Wednesday, July 25, 2012

How Our News Media Uses Drug Violence

Tuesday must have been a slow news day here in the Fort Worth - Dallas area.

At least, up until the start of our 6:00pm local newscasts, when a crowd of angry protesters decided to make some noise for the cameras.

A well-known thug from an impoverished neighborhood in south Dallas had been shot to death by Dallas police officers after evading arrest.  He had actually fought hand-to-hand with one officer, and announced that he was either going to die or get away.  He wasn't going to get arrested.

Eventually, fearing for his own life, an officer shot the thug.  Police later discovered a smorgasbord of narcotics and guns in his home.  At this point, it's unclear whether the deceased had legal permits for those guns.

We know he didn't have any permits for the drugs.

Still, the man's mother felt like she knew enough about how officers had used unnecessary force against her son, and she managed to foment a small group of locals into a rowdy gang.  They yelled at police officers investigating the scene, and began to attract a larger crowd of folks with nothing better to do than join in.  Since it was a slow news day, producers at all of our local TV stations - Fox, NBC, ABC, and CBS, at least - were desperately monitoring the police scanners, hoping for some sort of action, and when they heard cops on the scene in south Dallas calling for back-up, that was all these news producers needed to hear.

Their choppers were soon in the sky and swooping over the alleyway where the angry mother and her band of troublemakers were.  Right on time, like clockwork!  All of the local stations were starting their newscasts with live video feed in the early evening hours of a crystal-clear day.  A perfect news story for them.  Great visibility, a line of black-uniformed, white-skinned police officers in helmets, and a churning crowd of a couple dozen black people pointing at the cops.  One news organization sent a cameraman on foot to the yellow crime scene tape separating the police from the crowd, and let an angry black woman - ostensibly the mother - give his station some great theater as she yelled and gestured, waving her arm, shaking her head, and stomping her feet.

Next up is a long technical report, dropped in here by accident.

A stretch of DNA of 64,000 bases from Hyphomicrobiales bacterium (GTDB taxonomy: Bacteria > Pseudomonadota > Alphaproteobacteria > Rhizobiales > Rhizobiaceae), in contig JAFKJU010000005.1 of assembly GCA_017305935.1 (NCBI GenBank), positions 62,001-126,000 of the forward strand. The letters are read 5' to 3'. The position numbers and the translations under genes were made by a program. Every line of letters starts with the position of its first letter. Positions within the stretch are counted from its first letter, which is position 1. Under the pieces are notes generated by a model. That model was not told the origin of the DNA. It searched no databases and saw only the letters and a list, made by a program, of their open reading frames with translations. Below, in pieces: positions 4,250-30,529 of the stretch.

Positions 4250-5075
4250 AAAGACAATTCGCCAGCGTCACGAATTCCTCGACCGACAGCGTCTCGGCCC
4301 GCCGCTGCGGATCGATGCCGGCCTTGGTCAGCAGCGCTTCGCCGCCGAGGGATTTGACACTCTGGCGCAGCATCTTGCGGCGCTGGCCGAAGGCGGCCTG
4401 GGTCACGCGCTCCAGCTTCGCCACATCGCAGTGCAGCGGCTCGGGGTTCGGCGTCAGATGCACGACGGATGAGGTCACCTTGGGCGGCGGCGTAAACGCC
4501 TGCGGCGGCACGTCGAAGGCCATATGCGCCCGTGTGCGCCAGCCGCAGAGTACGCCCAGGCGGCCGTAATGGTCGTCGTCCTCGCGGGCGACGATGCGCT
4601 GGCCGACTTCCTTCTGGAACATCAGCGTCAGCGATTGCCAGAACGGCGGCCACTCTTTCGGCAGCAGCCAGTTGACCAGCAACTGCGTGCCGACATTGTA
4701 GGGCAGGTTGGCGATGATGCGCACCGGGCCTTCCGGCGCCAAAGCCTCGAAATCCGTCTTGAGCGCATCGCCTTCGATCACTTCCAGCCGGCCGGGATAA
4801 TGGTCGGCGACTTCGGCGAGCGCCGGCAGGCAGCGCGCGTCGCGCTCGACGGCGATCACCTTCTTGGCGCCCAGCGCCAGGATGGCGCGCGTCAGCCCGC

Ten minutes into the coverage, as aerial footage of the melee panned back from the police line, we viewers could see that trotting towards the scene were a number of new arrivals, obviously lured by watching their televisions, or contacted by cell phone and invited to join in.  Indeed, several people in the crowd could plainly be seen talking excitedly into their cell phones, gesturing into the air just like the woman who was still yelling at the police.

Oh boy, I thought.  Just like the flash mobs on the East Coast.  This is summertime in Texas, too - way too hot for idle hands and frustrated brains to try and keep out of trouble.

And that's what the news producers were figuring, too.  Because they never cut back to any other news that might have happened during the day.  Even weather updates went by the board as news helicopters jockeyed for position over the scene, hoping to get the best angle in case a bona-fide riot broke out.  The eagerness with which news anchors delivered their repetitive play-by-play was palpable.

I hadn't been watching it this whole time, mind you.  I was mainly reading the newspaper.  But when I realized we weren't going to get a weather forecast, I turned the TV off.  I don't know what time the local news producers decided the cops had been too efficient and had managed to quell the disturbance, but I imagine everything was back to regular programming sooner rather than later, because a check on the Internet after about an hour revealed that no riot had taken place.

Such was not the case in Anaheim, California, last night.  After two Hispanic drug dealers were killed in separate incidents in that Orange County city this past weekend, a large group of Hispanics had convened at city hall Tuesday night for their city council's weekly meeting.  The shootings were on their agenda, and the Hispanic community wanted to know what police were going to do, basically, to prevent more drug dealers from getting killed.